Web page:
BlogHer

Our Jobs: Doing What We Love

As singles, we have options: where to live, who to socialize with, what to do for a living. Out of those three things, our jobs often take the biggest precedent because we spend a lot of energy thinking about what we want to do with our lives. And a lot of times, when we decide to take a leap and do something different, it means we have to switch other things around in order to accommodate that change.

But things are never quite as simple as making a change and having everything fall magically into place; it’s inevitably more complicated than that. There are many factors involved with a job change: the amount of money you make; the degree to which you’re comfortable making drastic life changes; certain options not being available in your current geographic area; rent and lease responsibilities; a lack of required education. But in general, singles are often seen as having more options when it comes to making job and/or career changes than someone who is married or has children.

The hardest part about making a job change is actually following through with the process. It’s not easy, or something that can be taken lightly. Experts may counsel us to take risks and do what we love, especially during this time in our lives when it’s socially acceptable to experiment with what we really want to do, but that’s easier said than done. We still have to collect a paycheck, pay our bills, keep our health insurance. And even if we don’t really like what we’re currently doing, it can be scary to give up a feeling of stability for the questions involved with the unknown.

But why do we change jobs in the first place? Why are so many of us dissatisfied with what we do? This is something I’ve thought about many, many times over the years. I’ve read a lot of opinions on the subject, but to me it all seems to circle back to inspiration. We change jobs, or dream of changing our jobs, because we’re not satisfied with what we’re currently doing. For some people, changing their job means staying in the same city, in the same type of industry, but just switching to a different compay. Others are willing to take a more drastic approach, like moving to Los Angeles to work as a waitress while they wait for their big acting break.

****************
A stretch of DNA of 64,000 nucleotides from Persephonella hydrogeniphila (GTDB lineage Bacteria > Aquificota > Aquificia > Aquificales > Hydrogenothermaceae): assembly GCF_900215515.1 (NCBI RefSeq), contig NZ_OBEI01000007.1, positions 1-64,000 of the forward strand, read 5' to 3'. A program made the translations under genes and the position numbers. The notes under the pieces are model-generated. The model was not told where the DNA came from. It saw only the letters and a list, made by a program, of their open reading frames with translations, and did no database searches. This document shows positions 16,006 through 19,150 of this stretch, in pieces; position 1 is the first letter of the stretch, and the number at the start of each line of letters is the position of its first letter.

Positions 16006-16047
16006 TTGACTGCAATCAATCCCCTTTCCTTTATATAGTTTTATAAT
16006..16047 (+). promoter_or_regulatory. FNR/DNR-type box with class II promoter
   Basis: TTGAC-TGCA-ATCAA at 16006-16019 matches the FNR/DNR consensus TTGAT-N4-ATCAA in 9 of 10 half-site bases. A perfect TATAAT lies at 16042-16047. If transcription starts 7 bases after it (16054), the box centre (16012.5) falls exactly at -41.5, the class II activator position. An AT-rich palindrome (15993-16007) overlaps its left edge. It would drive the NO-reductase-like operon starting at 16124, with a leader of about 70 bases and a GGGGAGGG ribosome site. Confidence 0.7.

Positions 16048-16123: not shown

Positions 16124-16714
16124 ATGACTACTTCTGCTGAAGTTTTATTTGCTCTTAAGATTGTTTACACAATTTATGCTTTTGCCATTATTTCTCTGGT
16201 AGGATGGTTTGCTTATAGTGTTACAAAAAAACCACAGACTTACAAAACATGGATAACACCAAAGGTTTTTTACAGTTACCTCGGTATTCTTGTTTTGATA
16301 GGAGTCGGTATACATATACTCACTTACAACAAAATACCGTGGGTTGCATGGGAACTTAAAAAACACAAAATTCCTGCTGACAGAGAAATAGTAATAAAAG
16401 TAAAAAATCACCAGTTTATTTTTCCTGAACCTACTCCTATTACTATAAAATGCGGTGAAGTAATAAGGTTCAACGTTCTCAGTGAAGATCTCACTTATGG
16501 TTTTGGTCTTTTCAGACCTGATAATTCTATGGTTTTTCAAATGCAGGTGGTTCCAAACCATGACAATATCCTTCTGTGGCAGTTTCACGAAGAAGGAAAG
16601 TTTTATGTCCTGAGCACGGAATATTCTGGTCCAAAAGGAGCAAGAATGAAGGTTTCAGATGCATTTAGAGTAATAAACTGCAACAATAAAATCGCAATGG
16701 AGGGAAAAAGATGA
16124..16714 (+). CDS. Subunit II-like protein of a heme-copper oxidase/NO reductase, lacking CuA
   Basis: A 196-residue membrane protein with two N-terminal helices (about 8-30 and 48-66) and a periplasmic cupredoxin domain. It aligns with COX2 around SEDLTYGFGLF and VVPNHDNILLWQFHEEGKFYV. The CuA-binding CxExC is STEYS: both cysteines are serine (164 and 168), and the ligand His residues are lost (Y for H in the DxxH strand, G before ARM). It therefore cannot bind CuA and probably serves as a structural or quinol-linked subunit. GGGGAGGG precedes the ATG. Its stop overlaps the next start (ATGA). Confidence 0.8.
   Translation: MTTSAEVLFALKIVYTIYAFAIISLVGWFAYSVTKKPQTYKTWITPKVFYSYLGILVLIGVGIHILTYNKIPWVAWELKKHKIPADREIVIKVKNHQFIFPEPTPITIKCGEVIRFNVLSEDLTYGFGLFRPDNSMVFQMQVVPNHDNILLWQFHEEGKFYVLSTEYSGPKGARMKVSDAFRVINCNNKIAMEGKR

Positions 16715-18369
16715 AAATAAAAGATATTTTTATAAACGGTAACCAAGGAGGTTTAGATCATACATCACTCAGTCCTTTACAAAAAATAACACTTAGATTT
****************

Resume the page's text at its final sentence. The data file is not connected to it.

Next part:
We want to feel inspired. We want to feel like we’re doing something that we enjoy and that we’re good at. Money will always be a factor because we have to make enough to live on, but for many people who truly love what they do, it’s not the biggest motivating factor. When I looked for people who were talking about loving their jobs, not once did one of them say they loved their job solely because they were making a lot of money. Another commonality is that a lot of people who love their jobs don’t have so-called “normal,” desky-type careers. Some people fell into their jobs randomly and it turned out to be the best move they ever made, but most people have to make a conscious decision — in order to do what you love, you have to make it happen.

[Read the rest of this post at BlogHer]

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10 Comments

  • Reply jen August 13, 2007 at 10:11 am

    i don’t think it’s easier for singles to change jobs at all, i think it’s easier for partnered people without kids, because they have a safety net and a partner that can help support them financially if they take a pay cut, help put them through additional schooling, etc.

    i love my job even though i wouldn’t say i love what i DO at my job. as usual, i’m the weird one, but the reasons i love my job are, in order of importance:

    1. it’s 9-5, no overtime, no weekends. if i show up late, i just stay late, no obnoxious attendance policies. if i want to take a break and get some coffee i just go get some coffee.
    2. i get paid a lot for how much i work. also good benefits, good leave policy, good job security.
    3. i’m well-suited for the work, it comes relatively easy to me.
    4. i don’t have to work with other people and i don’t get bothered by clients/customers/whoever during the day. i sit in my office by myself all day and that’s how i like it.

    i have no interest in working harder or getting less money to do a job that is more interesting. and i’m confident that i could not find a job doing work that i like better UNLESS i worked harder and got paid less. moreover, i honestly don’t think that i would love doing ANYTHING if it were my job. i can sit and play videogames for 8 hours straight easily, but if it were my job to play xbox all day, i think i’d be just as bored and frustrated with that as i get with my work.